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Jocky Balboa

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About Jocky Balboa

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  • Birthday 04/13/1980

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  1. Thanks, I'm just trying to get across that it's possible to laud Tyson for his achievements (youngest ever heavyweight champion, a record unlikely to ever be beaten) while also recognising that he is, in many respects, overrated.
  2. Yeah, it just takes some massive left turns and IMHO disappears up its own arse.
  3. Does Bond get bummed to death after Rami Malek gets a blow to the head, forgets where he is and still thinks he's in Freddie Mercury mode? I liked the last reboot, bringing back Curtis was a good move and she did well. I've reasonably high hopes for this one, after being slightly disappointed with the Rob Zombie reboots (too much mystique was killed IMHO).
  4. Been watching through Lost again lately. I don't know if I'm in a minority, but it lost (pun intended) the plot for me after Season 3. To my mind, what started out as a semi-believable survival drama with good character development just jumped the shark and meandered into pseudo-scientific mumbo jumbo. ...and people wonder why we didn't foresee JJ Abrams destroying the Star Trek and Star Wars franchises!
  5. Again, it's supposition on both sides. People do forget however, that also Ali had a 3+ year layoff and came back to conquer all, despite an initially sluggish start. He also had to contend with Foreman, who was arguably as ferocious as Tyson ever was (see how he demolished guys who went the distance with Ali and how he lifted Frazier off the floor) and prevailed. I think Ali would have beaten a prime Tyson and there is little doubt he is the GOAT in the heavyweight ranks at least. I think a young Foreman would have also beaten Tyson. The Douglas fight was a perfect storm IMHO; Douglas was no mug and a decent contender, completely written off by the Tyson hype machine (and Tyson himself) who fought the fight of his life for his recently departed mother (notable that he lost his first defence to Holyfield and faded into obscurity after, though). What it did do however, is expose the fact that Tyson, for all his devastating knockout power, didn't have a Plan B and really struggled when someone really, really stood up to him. Baddest man on the planet? No, biggest bully, who struggled when his opponent had no fear. I still agree with Teddy Atlas and co. who have pointed out that he never actually beat an all-time great at their peak, never got off the canvas to win a fight (most recently, Fury is seemingly an expert at this) and never avenged any of his defeats (he was on his way to another defeat by Holyfield, hence his ear-biting tactic to get out of it). Lewis was also the type Tyson always struggled with, even in his early years and IMHO would still have won (why did Tyson's camp pay Lewis "step aside money" in the 90's??) Top 10 heavyweight for sure, maybe even top 6, but nowhere near GOAT.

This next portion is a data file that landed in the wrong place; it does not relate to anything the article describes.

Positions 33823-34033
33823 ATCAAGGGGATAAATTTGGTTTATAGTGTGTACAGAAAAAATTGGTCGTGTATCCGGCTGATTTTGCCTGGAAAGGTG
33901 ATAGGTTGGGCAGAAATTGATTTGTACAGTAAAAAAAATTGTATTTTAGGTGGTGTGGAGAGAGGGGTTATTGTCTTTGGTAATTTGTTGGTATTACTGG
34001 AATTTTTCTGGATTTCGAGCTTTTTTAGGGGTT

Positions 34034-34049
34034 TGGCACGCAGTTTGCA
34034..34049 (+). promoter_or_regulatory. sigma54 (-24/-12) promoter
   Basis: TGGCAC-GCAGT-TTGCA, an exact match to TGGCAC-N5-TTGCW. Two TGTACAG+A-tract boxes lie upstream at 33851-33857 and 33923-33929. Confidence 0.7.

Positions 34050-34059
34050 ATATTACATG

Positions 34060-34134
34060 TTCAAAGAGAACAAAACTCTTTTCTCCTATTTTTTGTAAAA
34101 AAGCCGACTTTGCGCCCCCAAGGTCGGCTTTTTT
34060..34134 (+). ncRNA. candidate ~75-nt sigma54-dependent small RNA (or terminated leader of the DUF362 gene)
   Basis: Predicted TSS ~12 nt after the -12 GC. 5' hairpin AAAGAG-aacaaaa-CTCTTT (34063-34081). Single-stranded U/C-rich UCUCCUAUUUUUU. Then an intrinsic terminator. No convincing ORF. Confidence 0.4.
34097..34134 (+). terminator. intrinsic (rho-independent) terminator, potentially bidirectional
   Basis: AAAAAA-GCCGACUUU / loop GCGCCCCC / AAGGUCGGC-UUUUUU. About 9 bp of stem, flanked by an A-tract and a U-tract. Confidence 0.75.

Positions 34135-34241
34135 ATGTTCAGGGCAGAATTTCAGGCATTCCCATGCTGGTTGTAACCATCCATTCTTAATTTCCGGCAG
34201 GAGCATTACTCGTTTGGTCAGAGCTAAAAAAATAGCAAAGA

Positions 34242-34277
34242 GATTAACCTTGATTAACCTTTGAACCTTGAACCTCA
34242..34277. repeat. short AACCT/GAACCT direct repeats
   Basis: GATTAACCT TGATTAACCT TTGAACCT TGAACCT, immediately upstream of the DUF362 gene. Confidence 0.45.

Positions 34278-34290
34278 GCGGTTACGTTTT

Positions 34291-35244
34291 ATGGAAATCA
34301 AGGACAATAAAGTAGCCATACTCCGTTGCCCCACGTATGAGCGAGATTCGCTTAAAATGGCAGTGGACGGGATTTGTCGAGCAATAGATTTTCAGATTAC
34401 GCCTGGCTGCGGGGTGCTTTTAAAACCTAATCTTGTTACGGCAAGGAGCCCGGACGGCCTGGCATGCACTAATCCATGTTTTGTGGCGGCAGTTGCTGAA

6. Respectfully disagree. Tyson was exciting in his day, that is for sure, but his record - when properly scrutinised - doesn't support this. He deserves massive credit for cleaning up a weak division and for his early 4 year spell, but the cold, hard fact is that the heavyweight opposition was poor and he never beat an all-time great at the top of their game (Larry Holmes was 38, semi-retired and coming off the back of two defeats). On paper, I'd say his victories against the dangerous and underrated Razor Ruddock were his best. He was also taken the distance in his prime by several larger guys, who could hold him at bay, guys who weren't in the same league as Holyfield and Lewis. IMHO the latter two (who are both older than Tyson, let's not forget, before people use the age excuse for him again) would have still beaten him had he remained at the top of his game. A great fighter for sure, but as people like Teddy Atlas and many other top pundits have said, he came undone when he faced people who weren't afraid of him and who really, really stood up to him. Douglas was the first and despite being an underdog, was no mug and having lost his mother just before the fight, gave the performance of his life. He was probably the first to out-bully the bully and thus destroyed the hype and mystique.
  7. Would Derek Adams really be such a bad choice? I know some dismissed him in the past, but he has experience and seems to know what he's doing...